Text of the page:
ישראל נאמן | Lectures, Articles, Tours: Israel | Mideast onTarget | Elliot Chodoff & Yisrael Ne'eman | The Rise of a Radical Eastern Front 14.4.04

The Rise of a Radical Eastern Front

14 April 2004

By Yisarel Ne'eman

Taking out Saddam Hussein is much easier than democratizing Iraq. The Americans are now on the threshold of a popular uprising, despite their good intentions of bringing liberty and freedom to the Iraqi people. As the June 30 deadline approaches for the American appointed temporary government to take office, Washington is being forced to realize that these supposed leaders enjoy little popular support. The Sunnis and Shi’ites appear willing to agree to a temporary cease-fire, and possibly even one lasting long enough to let the Americans disengage but once there will be a “decent interval” the Shi’ite majority can be expected to enforce its will. Democracy will not be an issue, it simply will not be.

America may distance itself from the Middle East, but Israel cannot. Unfortunately the possibility of a “New Middle East” made up of an Iranian-Iraqi-Syrian alliance (and throwing in the Hizbollah in Lebanon as a Syrian proxy) is very real. PM Ariel Sharon is in Washington working out a deal with President Bush on how to “disengage” from Gaza, but the true strategic threat to Israel is shaping up on the Eastern Front, much faster than anyone expected.

During the past several years both MK Yuval Steinetz (Likud) and Mk Ephraim Sneh (Labor) have warned the optimists against considering the Eastern Front dead. Unfortunately, some of their worse fears may be realized within a year or so. Not for the cameras, one can rest assured of a Bush-Sharon tête-à-tête over the issue.

Israel needs to prepare two responses:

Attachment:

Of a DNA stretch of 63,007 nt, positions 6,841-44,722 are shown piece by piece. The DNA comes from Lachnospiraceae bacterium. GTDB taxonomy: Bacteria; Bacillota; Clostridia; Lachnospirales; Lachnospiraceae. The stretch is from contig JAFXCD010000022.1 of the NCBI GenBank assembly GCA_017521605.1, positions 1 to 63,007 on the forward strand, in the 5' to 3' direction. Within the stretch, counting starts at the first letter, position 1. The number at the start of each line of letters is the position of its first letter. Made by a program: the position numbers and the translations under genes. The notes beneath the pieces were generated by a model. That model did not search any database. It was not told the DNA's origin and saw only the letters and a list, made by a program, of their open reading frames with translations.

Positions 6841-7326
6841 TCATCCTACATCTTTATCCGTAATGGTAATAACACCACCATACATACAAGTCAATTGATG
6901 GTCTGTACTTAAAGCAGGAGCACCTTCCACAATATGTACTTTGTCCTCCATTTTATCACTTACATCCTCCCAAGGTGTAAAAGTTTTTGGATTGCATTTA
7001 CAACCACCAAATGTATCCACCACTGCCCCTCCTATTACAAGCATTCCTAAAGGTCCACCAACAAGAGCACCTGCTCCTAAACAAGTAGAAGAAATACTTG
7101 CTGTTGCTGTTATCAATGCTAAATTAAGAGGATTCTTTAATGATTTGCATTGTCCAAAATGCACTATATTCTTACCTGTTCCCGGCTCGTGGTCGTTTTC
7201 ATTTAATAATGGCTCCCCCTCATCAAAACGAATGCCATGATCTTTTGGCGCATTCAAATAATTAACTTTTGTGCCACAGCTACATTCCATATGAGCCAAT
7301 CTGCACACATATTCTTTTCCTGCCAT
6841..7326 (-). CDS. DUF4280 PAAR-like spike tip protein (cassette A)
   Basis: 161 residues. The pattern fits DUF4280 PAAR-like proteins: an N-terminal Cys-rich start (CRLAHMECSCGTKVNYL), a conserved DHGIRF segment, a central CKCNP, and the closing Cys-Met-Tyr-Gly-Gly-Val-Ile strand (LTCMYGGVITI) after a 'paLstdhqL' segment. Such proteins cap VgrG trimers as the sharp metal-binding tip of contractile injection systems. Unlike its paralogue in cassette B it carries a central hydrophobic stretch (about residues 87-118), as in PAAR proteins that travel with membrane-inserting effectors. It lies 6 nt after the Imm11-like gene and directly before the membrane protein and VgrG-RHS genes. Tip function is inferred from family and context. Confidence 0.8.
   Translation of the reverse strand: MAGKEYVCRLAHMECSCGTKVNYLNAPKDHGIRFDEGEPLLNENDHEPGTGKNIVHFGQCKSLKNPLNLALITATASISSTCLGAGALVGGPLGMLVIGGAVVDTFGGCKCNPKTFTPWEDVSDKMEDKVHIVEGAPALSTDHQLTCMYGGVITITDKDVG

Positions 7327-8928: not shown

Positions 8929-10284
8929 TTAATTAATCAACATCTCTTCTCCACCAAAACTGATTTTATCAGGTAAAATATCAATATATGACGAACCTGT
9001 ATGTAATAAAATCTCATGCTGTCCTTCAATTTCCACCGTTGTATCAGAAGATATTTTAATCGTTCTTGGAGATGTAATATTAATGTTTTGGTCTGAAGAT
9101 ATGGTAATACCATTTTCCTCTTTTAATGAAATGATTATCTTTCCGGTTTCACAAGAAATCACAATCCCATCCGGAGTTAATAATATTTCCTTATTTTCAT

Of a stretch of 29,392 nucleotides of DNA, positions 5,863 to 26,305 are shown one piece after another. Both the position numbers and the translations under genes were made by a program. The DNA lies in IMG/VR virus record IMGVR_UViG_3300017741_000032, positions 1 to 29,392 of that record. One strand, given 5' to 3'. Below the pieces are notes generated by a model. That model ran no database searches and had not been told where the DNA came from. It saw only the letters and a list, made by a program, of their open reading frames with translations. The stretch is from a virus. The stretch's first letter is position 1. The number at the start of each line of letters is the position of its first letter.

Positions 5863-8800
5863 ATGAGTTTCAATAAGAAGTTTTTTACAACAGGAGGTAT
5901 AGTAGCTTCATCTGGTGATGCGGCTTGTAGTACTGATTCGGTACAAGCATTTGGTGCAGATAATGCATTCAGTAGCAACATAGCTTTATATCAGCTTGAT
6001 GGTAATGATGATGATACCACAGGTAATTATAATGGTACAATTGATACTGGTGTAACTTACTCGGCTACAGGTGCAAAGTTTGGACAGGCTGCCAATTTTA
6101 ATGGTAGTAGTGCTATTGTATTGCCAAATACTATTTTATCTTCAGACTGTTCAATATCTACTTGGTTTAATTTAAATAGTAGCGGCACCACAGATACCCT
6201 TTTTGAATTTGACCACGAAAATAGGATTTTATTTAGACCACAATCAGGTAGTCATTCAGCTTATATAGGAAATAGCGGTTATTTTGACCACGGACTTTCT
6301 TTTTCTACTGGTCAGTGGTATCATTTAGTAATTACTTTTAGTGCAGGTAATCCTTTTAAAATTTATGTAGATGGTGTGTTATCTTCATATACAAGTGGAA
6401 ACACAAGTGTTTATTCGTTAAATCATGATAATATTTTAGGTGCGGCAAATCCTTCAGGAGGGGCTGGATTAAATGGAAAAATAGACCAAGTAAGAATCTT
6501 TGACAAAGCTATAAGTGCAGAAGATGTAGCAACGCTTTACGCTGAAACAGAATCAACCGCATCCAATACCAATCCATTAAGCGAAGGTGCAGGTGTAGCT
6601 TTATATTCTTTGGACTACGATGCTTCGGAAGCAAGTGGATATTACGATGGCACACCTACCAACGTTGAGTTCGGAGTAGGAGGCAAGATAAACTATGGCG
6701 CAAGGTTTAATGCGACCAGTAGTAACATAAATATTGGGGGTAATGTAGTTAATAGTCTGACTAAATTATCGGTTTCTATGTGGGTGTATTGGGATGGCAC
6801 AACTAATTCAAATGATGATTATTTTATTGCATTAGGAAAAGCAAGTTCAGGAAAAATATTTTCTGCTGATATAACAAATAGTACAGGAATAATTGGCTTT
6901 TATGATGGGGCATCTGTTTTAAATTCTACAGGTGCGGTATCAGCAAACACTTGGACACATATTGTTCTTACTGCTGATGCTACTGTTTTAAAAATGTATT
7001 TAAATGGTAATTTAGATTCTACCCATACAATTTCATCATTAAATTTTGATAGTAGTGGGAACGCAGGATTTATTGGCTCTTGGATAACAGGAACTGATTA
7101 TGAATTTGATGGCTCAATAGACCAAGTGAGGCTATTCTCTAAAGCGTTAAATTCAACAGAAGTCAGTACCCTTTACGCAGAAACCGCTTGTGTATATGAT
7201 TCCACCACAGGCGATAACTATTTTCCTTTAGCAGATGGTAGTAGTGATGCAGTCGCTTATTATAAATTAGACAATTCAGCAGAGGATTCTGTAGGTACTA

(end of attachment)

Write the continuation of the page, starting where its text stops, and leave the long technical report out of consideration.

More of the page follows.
Attaining American approval giving Israel the right to keep territory necessary for its defense in any final agreement with the Palestinians can pave the way for retaining the Rift Valley on the border with Jordan, thereby preventing any future territorial continuity with the West Bank. Today Jordan serves as a buffer, but could collapse under radical pressures.

Using the eastern Mediterranean for mobility, Israel must develop long-range naval missile fire, which would serve as an extra arm to the air force and artillery corps in halting any future major advance through Syria and a defeated Jordan. Steinetz, who chairs the Knesset Foreign Affairs and Defense Committee, is a staunch supporter of a massive naval development program.

The conditions for Israel’s disengagement from the Gaza Strip are no doubt important, but they pale when compared to the Israeli need for American cooperation once Washington withdraws from Iraq. The crisis could arrive much sooner than expected and escalate into an existentialist threat to the Jewish State. The immediacy of the threat may not be in the news, but that does not mean it should be underestimated.